Coventry Sacred Space Initiative commemorates the arrival of diverse communities to the city of Coventry. The city was seen as a safe haven for new arrivals and a place of sanctuary and solace. It offered a new home to so many communities which in turn help to shape the city for the next half century into what it is today. 

The city of Coventry is built on the River Sherbourne. Historically part of Warwickshire, at the 2011 census Coventry had a population of 316,915 making it the 11th largest in the United Kingdom. It is the second largest city in the West Midlands region, after Birmingham, and although proximate to the West Midlands conurbation, it is just outside it.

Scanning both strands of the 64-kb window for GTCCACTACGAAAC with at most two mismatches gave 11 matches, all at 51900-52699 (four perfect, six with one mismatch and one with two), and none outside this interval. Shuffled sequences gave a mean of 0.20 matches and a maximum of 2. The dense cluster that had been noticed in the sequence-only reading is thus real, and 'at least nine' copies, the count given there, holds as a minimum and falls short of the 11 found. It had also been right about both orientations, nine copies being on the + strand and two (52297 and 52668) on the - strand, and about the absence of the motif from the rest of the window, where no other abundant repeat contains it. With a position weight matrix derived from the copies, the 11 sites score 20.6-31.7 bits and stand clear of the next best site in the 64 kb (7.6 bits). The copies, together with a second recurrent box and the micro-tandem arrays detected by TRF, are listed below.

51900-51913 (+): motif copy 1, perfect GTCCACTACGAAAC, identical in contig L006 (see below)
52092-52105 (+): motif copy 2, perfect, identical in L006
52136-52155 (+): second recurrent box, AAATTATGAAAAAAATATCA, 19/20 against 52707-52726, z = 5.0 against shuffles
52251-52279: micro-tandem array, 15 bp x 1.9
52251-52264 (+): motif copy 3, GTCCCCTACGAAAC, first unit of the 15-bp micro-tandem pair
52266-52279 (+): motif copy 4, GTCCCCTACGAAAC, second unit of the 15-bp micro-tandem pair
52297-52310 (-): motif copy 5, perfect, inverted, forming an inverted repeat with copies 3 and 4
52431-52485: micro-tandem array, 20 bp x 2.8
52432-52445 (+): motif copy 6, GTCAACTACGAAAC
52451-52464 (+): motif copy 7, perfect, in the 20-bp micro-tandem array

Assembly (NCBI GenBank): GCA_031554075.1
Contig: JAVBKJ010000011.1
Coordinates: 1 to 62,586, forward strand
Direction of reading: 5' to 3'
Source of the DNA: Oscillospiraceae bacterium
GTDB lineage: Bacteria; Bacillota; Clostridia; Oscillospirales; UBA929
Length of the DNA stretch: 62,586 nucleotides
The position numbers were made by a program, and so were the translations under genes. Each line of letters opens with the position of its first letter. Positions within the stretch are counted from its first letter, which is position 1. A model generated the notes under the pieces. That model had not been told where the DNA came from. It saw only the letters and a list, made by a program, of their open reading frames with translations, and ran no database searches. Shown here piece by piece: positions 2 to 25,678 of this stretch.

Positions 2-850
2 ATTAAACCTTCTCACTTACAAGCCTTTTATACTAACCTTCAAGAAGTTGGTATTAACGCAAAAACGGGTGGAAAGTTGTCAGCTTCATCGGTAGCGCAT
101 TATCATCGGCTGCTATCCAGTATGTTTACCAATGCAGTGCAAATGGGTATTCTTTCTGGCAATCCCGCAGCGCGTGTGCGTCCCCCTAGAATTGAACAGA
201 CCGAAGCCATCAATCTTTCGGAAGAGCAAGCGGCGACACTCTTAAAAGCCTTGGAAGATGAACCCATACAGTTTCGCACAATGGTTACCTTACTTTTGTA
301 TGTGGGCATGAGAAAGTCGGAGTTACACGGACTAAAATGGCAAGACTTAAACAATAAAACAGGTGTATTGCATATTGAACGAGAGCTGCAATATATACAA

The city’s iconic Cathedral was built after the majority of the 14th century cathedral church of Saint Michael was destroyed by the Luftwaffe in the Coventry Blitz of 14 November 1940. Coventry motor companies have contributed significantly to the British motor industry. The city has three universities, Coventry University in the city centre, the University of Warwick on the southern outskirts and the smaller private Arden University, with its headquarters close to Coventry Airport.

On 7 December 2017, the city won the title of UK City of Culture 2021, after beating Paisley, Stoke-on-Trent, Swansea and Sunderland to the title. They will be the third title holder, of the quadrennial award which began in 2013.